The past two years have seen a significant rise in salaries throughout New Zealand and no sector has been untouched. Whilst this has been welcomed by the workforce, most employers have found themselves struggling to keep up with the significant and continual increases the market has demanded. With low unemployment, low immigration numbers, and a tight employment market, it is still very much an employee-led market.
According to data from Statistics New Zealand, median weekly earnings from wages and salaries rose by 8.8 percent to $1,189 in the year to the June 2022 quarter.
The 8.8 percent annual increase in median weekly earnings from wages and salaries was the largest annual increase since the series began in 1998. My sense is that they have risen again since then.
The rise in salaries is due to a number of factors, including a growing economy, low unemployment, and government policies aimed at improving living standards for New Zealanders.
One of the primary reasons for the rise in salaries is the strong economic growth that New Zealand experienced post-Covid. Despite the challenges posed by the Covid-19 pandemic, the country’s economy remained resilient.
The growth was driven by a number of factors, including a robust construction sector, strong domestic demand, and the government’s support measures such as the wage subsidy program. Simply put, the demand has been high and the supply low.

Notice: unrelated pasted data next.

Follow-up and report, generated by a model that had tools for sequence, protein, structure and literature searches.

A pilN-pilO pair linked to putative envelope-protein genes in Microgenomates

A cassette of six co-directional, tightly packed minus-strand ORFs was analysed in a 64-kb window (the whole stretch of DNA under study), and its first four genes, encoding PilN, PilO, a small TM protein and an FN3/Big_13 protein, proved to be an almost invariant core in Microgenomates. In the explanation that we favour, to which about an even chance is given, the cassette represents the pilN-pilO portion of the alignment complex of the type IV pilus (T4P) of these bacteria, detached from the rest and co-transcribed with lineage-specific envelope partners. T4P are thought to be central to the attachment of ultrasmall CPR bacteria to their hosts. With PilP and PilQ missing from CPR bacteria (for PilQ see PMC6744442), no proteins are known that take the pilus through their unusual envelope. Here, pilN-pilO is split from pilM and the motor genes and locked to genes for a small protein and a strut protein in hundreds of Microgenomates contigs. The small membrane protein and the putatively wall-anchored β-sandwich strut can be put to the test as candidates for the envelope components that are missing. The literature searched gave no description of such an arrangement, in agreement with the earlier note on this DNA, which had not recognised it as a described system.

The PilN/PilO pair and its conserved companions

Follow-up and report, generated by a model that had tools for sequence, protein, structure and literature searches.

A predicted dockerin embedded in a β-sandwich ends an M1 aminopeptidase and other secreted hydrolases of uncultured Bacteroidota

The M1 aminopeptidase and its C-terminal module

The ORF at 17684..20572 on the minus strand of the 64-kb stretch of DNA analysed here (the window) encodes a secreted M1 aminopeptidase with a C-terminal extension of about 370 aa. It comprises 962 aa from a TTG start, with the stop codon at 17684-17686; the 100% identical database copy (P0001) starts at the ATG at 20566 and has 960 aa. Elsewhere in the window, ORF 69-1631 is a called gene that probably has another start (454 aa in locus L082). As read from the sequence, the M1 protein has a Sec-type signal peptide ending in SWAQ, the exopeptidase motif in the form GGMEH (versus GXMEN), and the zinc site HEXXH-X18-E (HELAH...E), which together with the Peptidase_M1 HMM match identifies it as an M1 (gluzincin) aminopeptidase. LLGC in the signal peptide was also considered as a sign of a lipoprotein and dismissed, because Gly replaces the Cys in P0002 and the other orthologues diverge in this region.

With fewer jobseekers than available jobs, workers are put into a stronger bargaining position when it comes to negotiating salaries and as a result employers are competing for talent, leading to higher salaries to attract and retain employees.
Government policies aimed at improving living standards for New Zealanders have also played a role in the rise in salaries.
For most employers, at some point this has been problematic. Keeping up with the steep rise in inflation which has been reflected in salaries, to losing staff to competitors who are paying more, getting into a bidding war when making offers or the problem of pay relativity within a workforce.
Employers are looking at more creative ways to ‘add-value’ to packages without necessarily paying outside of the base salary range.
With cost of living at an all-time high, there is no doubt that while cash in the hand is what employees are needing, a benefits package can sweeten the offer significantly.
This is referred to as a total remuneration approach and refers to not only the base salary an employee receives but also takes into account other forms of compensation such as bonuses, commissions, allowances and benefits.
For example, benefits may include, a company car with full use, health insurances and paid time off.
A total remuneration package is designed to provide a comprehensive compensation structure that recognises the value of the employee’s contribution to the organisation.
It is often used by employers as a way to attract and retain talented employees by offering a competitive and attractive compensation package that goes beyond just a basic salary or wage.
Total remuneration packages can be structured in different ways, depending on the needs and goals of the employer and the preferences of the employee.
With the commentary around the looming economic downturn, my feeling is that we will see some stabilisation in the employment market.
However, as a nation we are still have a low level of immigration and while unemployment may rise in the months to come, I think we are still going to experience a candidate short market in the foreseeable future.
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